Festival organisers in Malaysia have removed two portraits of LGBT activists from a public photo exhibition after complaints from the government.
The director of the George Town Festival said he was “directed” to take the portraits out by the minister of Islamic affairs, Mujahid Yusof Rawa.
Mr Mujahid said the promotion of LGBT culture was not supported in Malaysia.
The exhibition features a series of portraits with different Malaysians posing with the country’s flag.
The photos were taken last year to commemorate 60 years of Malaysian independence.
Among them were Nisha Ayub, a transgender activist who has won several awards, including the US Secretary of State’s International Women of Courage Award in 2016 for her work on transgender rights.
Pang Khee Teik is the co-founder of Seksualiti Merdeka, an annual sexuality rights festival, and the editor of online forum Queer Lapis.
He was photographed clutching a rainbow pride flag and draped in the national flag.
Homosexual activity is illegal in Malaysia under both secular and religious laws.
‘Malaysian pride, not gay pride’
Joe Sidek, the festival’s director, told the BBC he was “directed” to take the pictures out but “I wasn’t threatened”.
He said the objective of the public exhibition, Stripes and Strokes, was to showcase “Malaysian pride, not gay pride”.
“I don’t approve of censorship but I understand why it had to be done.”
He insisted he was looking at the “bigger picture” and that fighting this request could cause problems in the future.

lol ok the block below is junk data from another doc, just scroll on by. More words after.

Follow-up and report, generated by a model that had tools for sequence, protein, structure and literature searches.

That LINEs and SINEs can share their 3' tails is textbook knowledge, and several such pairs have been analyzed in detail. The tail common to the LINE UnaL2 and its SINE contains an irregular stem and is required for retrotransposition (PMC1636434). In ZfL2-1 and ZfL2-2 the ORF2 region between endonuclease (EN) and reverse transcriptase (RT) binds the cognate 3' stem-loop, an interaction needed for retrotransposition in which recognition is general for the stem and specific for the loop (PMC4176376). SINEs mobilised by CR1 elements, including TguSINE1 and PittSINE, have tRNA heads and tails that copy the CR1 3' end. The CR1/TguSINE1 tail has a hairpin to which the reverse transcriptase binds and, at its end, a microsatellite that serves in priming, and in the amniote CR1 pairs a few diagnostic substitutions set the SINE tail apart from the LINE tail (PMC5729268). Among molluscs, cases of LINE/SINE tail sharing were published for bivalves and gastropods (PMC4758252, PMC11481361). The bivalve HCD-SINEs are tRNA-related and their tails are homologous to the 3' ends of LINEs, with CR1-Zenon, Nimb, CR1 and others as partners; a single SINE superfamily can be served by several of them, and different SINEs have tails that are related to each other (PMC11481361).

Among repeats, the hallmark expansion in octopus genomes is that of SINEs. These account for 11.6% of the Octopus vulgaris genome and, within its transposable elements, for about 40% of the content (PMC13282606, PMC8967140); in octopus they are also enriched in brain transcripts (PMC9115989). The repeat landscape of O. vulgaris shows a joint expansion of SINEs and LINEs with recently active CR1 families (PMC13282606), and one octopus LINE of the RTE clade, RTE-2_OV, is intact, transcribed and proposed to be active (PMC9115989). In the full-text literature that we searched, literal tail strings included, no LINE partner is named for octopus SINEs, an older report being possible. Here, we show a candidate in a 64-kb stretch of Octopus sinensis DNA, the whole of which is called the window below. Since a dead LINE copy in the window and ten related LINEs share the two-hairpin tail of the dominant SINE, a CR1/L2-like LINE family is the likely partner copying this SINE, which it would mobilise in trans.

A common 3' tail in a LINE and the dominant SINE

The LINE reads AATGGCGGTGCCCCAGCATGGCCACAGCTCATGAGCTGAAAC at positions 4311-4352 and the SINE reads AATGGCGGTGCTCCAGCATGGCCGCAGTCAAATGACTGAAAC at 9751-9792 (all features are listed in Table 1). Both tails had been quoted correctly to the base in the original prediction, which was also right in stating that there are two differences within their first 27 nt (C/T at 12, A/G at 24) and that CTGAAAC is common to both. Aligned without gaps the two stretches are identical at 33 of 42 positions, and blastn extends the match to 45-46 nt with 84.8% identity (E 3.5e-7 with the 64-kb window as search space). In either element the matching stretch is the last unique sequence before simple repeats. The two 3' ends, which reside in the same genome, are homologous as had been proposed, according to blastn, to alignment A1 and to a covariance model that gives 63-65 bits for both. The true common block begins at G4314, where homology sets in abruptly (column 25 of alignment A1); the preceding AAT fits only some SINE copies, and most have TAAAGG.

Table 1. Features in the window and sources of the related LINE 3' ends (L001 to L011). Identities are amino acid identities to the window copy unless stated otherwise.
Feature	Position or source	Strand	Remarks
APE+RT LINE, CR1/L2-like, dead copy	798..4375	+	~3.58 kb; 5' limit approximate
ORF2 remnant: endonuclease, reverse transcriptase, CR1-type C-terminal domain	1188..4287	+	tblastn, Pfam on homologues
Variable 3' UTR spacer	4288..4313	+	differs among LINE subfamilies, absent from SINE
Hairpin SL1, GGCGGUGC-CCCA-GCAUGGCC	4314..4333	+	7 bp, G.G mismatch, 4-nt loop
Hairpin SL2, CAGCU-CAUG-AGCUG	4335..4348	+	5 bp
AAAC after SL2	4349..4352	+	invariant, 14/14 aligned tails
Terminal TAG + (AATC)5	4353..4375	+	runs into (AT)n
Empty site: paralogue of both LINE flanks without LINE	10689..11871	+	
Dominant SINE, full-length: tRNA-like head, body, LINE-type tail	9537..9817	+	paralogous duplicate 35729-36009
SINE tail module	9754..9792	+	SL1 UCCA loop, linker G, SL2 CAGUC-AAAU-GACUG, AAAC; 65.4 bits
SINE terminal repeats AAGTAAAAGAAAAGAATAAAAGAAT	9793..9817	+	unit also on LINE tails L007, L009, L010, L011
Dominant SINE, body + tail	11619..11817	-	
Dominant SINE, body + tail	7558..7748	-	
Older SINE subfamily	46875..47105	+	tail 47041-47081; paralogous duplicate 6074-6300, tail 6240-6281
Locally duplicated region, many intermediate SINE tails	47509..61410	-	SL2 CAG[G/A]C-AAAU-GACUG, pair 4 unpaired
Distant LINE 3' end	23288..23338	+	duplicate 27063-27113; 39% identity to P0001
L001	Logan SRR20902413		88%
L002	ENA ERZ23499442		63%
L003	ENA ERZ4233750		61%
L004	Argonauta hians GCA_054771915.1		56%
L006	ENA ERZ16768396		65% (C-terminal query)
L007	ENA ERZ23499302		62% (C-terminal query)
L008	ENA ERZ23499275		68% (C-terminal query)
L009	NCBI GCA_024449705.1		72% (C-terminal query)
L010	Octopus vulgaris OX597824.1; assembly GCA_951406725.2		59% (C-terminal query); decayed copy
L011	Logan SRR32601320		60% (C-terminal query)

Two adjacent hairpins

“So I chose to lose this battle,” he said, adding that he had been criticised for his decision.
Mr Mujahid had told Malaysia’s The Star newspaper that Malaysian society “cannot accept LGBT being promoted because that is against the society norms”.
“When you put the picture with the [pride] symbol, if that is not promotion… then tell me what is the definition of promotion?”
The activists featured in the photo series have since spoken out.
“They talk about rights as a citizen of Malaysia but they are denying people like me to express our love to our own country,” said Ms Ayub in a Facebook post.
“They can burn or throw away my picture but they cannot take my love to my country. I may be transgender, but I’m just a Malaysian [who] has family, friends, that always has hope for a more inclusive Malaysia.”
Mr Pang echoed Ms Ayub’s words, saying on Facebook that the only activity being promoted was “loving our country in spite of the hate”.